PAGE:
Joseph Fiordaliso, who was implementing one of the country’s most aggressive clean energy programs as head of New Jersey’s state utilities regulation board, has died. He was 78.
The governor’s office said Thursday that Fiordaliso died Wednesday. It didn’t provide a cause of death.
Fiordaliso, who had been president of the New Jersey Board of Public Utilities since 2018, often spoke of his grandchildren when describing the type of planet he hoped to leave to them — one in which green energy sources like wind, solar and geothermal help reduce the worst effects of climate change by replacing the burning of fossil fuels.
Gov. Phil Murphy called Fiordaliso, who was born in Newark, “a consummate public servant, a trusted colleague, and a good friend.”
“Joe skillfully led our work to responsibly transition to a clean energy economy while always putting the needs of consumers first,” the governor said in a news release. “He also was a key figure in our storm response efforts and in ensuring that all New Jerseyans had access to critical services like clean water, electricity, and broadband.”
Fiordaliso was rarely seen in public without wearing a lapel pin in the shape of a wind turbine, signifying his strong support for offshore wind energy development.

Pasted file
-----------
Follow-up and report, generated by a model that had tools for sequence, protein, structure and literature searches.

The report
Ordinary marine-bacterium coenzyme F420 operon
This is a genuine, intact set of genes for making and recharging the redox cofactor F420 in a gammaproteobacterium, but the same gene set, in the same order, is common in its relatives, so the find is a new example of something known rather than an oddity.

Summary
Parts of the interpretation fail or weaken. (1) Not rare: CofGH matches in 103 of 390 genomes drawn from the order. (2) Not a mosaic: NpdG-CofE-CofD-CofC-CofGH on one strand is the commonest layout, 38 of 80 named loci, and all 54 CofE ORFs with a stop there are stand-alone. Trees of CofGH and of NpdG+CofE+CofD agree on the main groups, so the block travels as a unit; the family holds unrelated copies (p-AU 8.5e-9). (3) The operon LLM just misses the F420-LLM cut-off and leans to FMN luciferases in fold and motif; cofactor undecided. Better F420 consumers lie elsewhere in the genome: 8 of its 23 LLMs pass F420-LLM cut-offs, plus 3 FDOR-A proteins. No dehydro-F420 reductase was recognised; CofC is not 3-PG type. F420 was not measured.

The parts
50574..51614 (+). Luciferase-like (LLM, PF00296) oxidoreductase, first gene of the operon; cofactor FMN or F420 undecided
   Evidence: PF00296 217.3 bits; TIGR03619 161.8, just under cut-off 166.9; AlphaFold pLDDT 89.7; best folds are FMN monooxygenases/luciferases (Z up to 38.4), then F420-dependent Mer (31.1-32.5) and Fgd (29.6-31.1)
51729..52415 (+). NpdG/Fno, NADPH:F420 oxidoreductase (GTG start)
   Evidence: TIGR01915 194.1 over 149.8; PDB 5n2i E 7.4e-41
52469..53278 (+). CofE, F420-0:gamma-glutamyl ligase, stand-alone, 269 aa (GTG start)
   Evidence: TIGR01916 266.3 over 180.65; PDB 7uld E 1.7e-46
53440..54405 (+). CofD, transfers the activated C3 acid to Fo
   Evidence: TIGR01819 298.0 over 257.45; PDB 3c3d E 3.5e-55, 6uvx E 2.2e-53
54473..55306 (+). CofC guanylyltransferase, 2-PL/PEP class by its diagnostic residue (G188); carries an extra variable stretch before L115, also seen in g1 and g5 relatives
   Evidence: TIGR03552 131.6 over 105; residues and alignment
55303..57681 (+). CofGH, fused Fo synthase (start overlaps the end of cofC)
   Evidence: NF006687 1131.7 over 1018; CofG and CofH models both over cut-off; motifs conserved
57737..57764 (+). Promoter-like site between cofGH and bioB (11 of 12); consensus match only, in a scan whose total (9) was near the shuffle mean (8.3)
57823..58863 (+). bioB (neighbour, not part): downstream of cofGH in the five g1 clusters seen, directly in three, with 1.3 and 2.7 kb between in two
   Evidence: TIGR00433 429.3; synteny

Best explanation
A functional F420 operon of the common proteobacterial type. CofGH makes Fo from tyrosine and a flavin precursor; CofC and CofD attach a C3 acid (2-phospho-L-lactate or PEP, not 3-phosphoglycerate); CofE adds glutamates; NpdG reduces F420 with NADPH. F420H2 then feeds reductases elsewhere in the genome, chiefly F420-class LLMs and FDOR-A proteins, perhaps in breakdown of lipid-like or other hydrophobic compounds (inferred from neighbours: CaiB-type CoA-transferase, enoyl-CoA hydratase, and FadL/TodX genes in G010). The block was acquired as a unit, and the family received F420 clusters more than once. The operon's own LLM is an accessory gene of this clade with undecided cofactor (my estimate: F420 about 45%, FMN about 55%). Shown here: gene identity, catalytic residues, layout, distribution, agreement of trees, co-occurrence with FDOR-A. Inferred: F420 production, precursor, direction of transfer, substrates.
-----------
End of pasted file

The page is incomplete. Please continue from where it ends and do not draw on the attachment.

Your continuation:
Murphy is trying to make New Jersey the East Coast leader in offshore wind power projects. It has already approved three wind farms, and four other projects have been proposed and are awaiting evaluation by state and federal regulators.
Jeff Tittel, a longtime environmentalist, worked with Fiordaliso for nearly 30 years in various local and state capacities, and said his death comes at a crucial time in New Jersey’s transition away from burning fossil fuels.
“He was a dedicated public servant and fighter for clean energy,” Tittel said. “He has worked to make green energy a reality and to make energy more affordable. His passing has happened at a time when renewable energy is at a tipping point, and his leadership at this important period will be missed.”
One of Fiordaliso’s last major acts was presiding over the adoption in late July of a series of aggressive “decarbonization” efforts designed to incentivize buildings to switch from natural gas heat to electric.
Fiordaliso also angrily lashed out at those he called purveyors of disinformation against clean energy projects, including claims that the government plans to take away gas-burning stoves.
He also oversaw the rollout of electric vehicle charging stations in various parts of the state, and the conversion of some heavy-duty government vehicles from gas to electric power.